Towne took this well and overall was an intelligent interview subject with loads of great stories and advice.

The afternoon was where things started to go v. badly wrong, technology-wise...

A directors' panel with Irish directors Phil Harrison, Juanita Wilson and Paddy Breathnach and Danish director Mads Matthiesen was interesting and informative.

Phil Harrison, for example, came from a non-film background to make a short film and a feature. His first day on a film set was his first day on the short. His third day on a set was his first day on the feature film! Directing experienced actors like Aiden Gillen. Partly in South Africa. Oh, and he crowdfunded his feature film The Good Man using what sounds like a very original new technique (everyone involved in the project owns part of it. 40% of any return on the film now goes back to the investors, 30% to the various production companies, 20% to the cast & crew and 10% back into the township where they filmed in South Africa.).

Other snippets - Juanita Wilson's next project will be an adaptation of (Winter's Bone writer) Daniel Woodrell's novel Tomato Red, which sounds amazing. And Paddy Breathnach's next movie will be Perdido Amore, set in the world of drag artists and scripted by Mark O'Halloran.

It would have been great to have heard more about all of this, but after only about 30 minutes of chat, the moderators cut the panel short in order to do a Skype chat with legendary Polish director Agnieszka Holland.

Now, I'm sure under the right circumstances this would have been a fab interview. But the circumstances involved the worst Skype reception I've ever seen and a subject who doesn't (I think) really understand how to use it properly. We couldn't hear her half the time and the rest of the time she couldn't hear poor David Keating's questions, forcing him to wrap things up after five (incomprehensible) minutes.

So it was on to another Skype interview, this time with Finding Neverland and Life of Pi screenwriter David Magee. David started out taking money at the door at Michael Moore's film club in Flint, Michigan! Now based in New Jersey, he had no more luck with the Skype reception than Ms Holland, with David Keating having to dial him back five times.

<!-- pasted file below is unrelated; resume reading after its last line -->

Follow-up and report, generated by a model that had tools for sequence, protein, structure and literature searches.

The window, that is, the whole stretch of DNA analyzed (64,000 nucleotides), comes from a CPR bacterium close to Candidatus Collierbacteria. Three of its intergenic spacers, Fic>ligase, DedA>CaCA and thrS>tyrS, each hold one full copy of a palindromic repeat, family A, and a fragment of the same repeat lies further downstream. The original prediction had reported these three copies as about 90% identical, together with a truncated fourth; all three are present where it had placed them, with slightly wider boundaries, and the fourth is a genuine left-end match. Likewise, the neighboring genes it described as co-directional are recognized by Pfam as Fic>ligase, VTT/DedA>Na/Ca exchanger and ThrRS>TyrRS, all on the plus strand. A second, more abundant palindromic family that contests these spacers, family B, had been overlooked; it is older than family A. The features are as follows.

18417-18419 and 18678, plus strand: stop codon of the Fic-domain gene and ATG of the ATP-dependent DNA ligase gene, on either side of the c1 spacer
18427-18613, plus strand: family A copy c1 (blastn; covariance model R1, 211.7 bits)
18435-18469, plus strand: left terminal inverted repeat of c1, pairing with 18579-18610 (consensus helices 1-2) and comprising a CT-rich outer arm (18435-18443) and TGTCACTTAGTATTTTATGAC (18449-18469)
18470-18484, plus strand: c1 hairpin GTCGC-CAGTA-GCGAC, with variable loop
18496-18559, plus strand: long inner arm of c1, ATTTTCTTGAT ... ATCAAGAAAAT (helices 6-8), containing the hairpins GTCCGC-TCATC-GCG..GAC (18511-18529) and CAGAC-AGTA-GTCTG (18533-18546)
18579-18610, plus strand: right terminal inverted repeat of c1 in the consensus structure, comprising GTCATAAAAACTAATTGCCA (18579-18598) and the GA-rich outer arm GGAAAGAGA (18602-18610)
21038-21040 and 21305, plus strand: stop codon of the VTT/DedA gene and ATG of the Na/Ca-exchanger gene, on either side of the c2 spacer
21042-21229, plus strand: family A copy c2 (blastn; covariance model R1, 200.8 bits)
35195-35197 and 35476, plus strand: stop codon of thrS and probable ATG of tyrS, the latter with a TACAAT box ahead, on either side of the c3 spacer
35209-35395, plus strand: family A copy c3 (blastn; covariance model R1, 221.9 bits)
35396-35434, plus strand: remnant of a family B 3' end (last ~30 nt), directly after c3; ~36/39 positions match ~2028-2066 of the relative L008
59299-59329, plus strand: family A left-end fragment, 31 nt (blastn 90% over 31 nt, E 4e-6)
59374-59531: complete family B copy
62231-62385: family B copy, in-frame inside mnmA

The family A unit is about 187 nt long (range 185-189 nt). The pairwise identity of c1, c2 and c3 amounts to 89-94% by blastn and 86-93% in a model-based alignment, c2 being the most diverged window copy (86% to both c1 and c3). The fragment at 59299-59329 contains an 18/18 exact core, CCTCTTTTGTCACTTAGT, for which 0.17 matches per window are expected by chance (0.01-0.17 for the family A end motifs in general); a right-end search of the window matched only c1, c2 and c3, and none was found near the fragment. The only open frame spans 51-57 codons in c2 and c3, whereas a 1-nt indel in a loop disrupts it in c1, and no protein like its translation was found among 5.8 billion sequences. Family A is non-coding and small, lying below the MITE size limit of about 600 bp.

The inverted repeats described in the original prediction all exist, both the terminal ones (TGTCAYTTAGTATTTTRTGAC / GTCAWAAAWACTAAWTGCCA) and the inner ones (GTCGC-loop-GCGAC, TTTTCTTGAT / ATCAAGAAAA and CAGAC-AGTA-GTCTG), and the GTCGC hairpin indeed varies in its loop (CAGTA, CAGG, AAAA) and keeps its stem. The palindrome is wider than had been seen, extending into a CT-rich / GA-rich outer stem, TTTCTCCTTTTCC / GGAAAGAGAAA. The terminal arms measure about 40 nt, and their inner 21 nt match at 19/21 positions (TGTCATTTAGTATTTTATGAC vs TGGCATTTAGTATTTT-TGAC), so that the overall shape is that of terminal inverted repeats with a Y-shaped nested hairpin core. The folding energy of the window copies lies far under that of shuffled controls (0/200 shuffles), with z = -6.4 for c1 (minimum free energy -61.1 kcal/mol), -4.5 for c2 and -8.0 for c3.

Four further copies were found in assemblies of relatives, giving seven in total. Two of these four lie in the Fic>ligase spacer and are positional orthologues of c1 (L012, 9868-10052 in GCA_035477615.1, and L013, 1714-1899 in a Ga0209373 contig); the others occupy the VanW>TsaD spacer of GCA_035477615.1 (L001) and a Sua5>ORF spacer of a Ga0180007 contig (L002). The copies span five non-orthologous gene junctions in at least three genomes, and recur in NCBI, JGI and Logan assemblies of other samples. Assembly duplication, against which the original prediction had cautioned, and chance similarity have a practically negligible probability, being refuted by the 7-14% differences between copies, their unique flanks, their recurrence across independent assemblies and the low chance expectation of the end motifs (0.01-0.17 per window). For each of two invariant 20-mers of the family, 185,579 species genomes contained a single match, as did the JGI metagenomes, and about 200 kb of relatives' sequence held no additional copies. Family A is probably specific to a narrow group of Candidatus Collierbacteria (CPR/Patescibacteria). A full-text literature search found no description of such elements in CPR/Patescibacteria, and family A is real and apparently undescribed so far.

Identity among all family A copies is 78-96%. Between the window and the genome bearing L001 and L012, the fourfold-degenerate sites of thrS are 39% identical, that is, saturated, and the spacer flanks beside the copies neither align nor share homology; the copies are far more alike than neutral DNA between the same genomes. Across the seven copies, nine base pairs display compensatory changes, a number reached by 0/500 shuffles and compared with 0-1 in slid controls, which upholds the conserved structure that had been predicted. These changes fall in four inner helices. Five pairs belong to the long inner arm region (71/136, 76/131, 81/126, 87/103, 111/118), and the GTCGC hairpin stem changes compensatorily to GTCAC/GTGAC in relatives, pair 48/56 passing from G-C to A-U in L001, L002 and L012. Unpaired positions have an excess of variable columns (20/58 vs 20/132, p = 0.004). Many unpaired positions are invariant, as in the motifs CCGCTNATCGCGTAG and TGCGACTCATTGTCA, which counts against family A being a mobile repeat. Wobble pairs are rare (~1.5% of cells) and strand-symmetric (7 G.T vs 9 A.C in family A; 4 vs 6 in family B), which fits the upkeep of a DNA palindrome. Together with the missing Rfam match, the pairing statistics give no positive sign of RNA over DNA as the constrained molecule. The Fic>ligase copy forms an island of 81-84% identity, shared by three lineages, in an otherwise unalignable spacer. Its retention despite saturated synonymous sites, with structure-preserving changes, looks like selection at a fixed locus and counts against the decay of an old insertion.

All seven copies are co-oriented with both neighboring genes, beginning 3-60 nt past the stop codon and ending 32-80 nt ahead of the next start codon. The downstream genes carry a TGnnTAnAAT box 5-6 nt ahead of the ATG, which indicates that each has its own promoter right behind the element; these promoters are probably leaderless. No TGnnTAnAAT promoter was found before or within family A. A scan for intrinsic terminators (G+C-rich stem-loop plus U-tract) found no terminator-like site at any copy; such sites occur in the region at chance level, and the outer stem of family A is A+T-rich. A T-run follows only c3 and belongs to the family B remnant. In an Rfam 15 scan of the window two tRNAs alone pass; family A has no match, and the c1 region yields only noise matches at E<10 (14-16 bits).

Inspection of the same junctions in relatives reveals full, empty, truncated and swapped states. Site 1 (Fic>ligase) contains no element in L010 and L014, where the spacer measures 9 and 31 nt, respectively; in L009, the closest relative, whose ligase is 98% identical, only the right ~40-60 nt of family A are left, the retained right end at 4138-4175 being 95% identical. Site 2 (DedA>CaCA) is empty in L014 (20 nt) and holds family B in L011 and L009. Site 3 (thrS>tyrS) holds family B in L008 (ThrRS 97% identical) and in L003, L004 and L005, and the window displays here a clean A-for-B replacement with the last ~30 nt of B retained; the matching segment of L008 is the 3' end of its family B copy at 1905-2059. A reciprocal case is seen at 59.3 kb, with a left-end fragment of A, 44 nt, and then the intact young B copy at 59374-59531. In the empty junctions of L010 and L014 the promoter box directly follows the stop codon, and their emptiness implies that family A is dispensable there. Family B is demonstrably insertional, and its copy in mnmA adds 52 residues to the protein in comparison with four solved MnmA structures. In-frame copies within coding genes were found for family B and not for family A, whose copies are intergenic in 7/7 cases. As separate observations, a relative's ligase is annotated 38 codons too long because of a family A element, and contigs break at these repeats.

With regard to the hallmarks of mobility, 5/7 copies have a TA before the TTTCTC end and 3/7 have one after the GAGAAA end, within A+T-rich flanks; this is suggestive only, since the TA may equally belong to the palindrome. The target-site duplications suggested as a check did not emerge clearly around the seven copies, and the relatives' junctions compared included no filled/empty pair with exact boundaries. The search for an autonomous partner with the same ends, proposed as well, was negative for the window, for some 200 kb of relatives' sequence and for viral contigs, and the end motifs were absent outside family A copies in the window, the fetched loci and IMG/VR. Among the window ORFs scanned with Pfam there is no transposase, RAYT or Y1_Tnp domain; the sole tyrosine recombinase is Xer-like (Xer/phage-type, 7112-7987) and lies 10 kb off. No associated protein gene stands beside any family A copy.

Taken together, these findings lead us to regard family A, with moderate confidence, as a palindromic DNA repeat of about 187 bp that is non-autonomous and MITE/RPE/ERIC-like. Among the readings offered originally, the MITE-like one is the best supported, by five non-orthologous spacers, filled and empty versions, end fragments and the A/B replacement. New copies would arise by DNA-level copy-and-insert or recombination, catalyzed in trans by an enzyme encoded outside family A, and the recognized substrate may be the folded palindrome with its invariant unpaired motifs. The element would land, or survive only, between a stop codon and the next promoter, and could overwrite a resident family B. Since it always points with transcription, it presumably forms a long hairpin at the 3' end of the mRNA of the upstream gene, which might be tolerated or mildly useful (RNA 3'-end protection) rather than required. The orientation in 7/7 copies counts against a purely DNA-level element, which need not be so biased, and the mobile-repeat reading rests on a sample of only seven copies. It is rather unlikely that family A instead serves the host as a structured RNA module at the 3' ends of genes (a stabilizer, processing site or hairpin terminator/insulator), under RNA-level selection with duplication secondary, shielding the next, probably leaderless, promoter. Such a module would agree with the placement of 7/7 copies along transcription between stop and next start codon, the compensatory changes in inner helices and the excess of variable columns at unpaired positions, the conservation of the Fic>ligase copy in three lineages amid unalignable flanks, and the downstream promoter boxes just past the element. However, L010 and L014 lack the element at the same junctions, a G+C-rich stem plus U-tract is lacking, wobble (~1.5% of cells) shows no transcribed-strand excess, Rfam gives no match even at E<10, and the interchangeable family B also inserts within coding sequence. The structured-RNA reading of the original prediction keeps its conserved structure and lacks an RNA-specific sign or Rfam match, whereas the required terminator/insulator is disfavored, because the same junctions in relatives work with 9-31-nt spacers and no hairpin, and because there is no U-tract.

David Magee was unfailingly polite and good-humoured throughout all this, and talked about how he's become the king of book adaptations and the impossible task of bringing Life of Pi to the big screen.

Here was what he had to say:

  • His first writing job involved abridging novels, and doing this for 85 books taught him how to pick out only the essential dialogue and action. It now helps him to adapt novels. If it's a 300 page novel, he starts by writing a 3-4 page outline of what the book is about.

  • Then he tries to find the basic thing that drives the hero on to his journey. He also does a logbook with notes about the characters and jokes and ideas he thinks up on the way, as well as a finished 15-30 page outline and a pitch that he would use to explain the film to someone else. These three documents help him to stay on track as he writes the script.

  • He consulted shipwreck survivor Steven Callaghan about his experiences and Callaghan became an advisor on the film. Magee first read Life of Pi about ten years ago while he was working on Finding Neverland and had long been passionate about adapting the project. He took on board Callaghan's memories of being "in a bowl in the middle of the universe" during his 74 days lost at sea.

  • His biggest advice? If you stay around long enough and are good enough, you will get your screenwriting chance. Do you have the tenacity to stick to your guns? If your stuff is great, it will find its way.